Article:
Cats may come across as fearlessly strong creatures but an actual fact is that can be prone to conditions such as stress and anxiety. It’s worrying to think that your fur baby can fall victim to such troubling issues so whether you’re simply curious or concerned for your feline, we have taken the time to detail vital information about stress in cats.
Here, we’ve got everything you need to know including why cats become stressed as well as some useful information about how to help your cat relax.
What Causes Stress in Cats
Cats are typically adaptable animals and can adjust well to changes made around the house or in their general home life. A piece of furniture that was once in one spot but recently moved into another may spark curiosity in your feline but they won’t hate it to the point of unbearable anxiety.
So why is my cat stressed?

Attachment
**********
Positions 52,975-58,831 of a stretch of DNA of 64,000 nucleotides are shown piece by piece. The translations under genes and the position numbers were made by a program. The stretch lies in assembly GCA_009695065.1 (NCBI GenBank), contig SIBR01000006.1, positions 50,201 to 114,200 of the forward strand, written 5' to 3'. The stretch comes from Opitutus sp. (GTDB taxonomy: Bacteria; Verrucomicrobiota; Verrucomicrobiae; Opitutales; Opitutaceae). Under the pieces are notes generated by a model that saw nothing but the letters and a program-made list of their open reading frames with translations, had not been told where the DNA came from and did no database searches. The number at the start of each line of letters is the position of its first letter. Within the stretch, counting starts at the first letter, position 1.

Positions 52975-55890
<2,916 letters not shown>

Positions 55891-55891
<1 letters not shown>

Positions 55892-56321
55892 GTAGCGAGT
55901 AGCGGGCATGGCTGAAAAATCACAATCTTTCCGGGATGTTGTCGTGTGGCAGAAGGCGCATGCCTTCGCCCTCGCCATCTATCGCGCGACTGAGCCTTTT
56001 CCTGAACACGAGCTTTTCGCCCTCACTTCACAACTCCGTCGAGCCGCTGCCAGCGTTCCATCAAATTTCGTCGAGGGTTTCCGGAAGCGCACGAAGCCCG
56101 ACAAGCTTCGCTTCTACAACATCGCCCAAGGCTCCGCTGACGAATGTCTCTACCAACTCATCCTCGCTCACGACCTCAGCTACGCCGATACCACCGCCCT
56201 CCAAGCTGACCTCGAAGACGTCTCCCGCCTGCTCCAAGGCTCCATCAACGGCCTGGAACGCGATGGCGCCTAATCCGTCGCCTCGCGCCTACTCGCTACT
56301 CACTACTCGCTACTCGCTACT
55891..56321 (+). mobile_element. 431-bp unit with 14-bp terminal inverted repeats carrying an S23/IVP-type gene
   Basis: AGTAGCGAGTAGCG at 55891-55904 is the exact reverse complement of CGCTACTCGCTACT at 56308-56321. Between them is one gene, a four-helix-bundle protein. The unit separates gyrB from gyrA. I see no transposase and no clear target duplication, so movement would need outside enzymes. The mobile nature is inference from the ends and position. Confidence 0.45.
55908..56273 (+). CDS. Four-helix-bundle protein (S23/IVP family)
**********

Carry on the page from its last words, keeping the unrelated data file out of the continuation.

That being said, there are a number of things that can trigger a cat’s stress response. These are listed below:
1. Moving home
Moving homes can be a stressful time for everyone but it can also affect your pets in almost the same way. Changes to your cat’s environment can trigger stress as the new area is completely unfamiliar to them. The process of moving will also contribute to this as they will have absolutely no idea of what’s going on. The unfamiliar area, moving, and break in their daily routine can begin the onset of chronic stress.
2. Home renovations/a bustling home environment
The constant movement of the people around her coupled with frequent loud noises can deeply and negatively impact your cat’s well-being. As a result, your cat will probably try to find the quietest place possible to retreat to.
No matter how far you’re going, traveling can often cause cats to become stressed. Being confined in a carrier for too long and being moved about can make them increasingly uncomfortable and put them on edge.
4. A new household addition
New additions such as a new baby or new pet, can leave cats uneasy. Not only can the noise and presence of new family members make cats uncomfortable but it can also mean that they won’t get the attention that they used to receive.
5. Unwelcome guests
Unfamiliar human guests can also put cats on edge. If your home doesn’t often get visitors the sight of a new face may cause a domestic cat to become tense.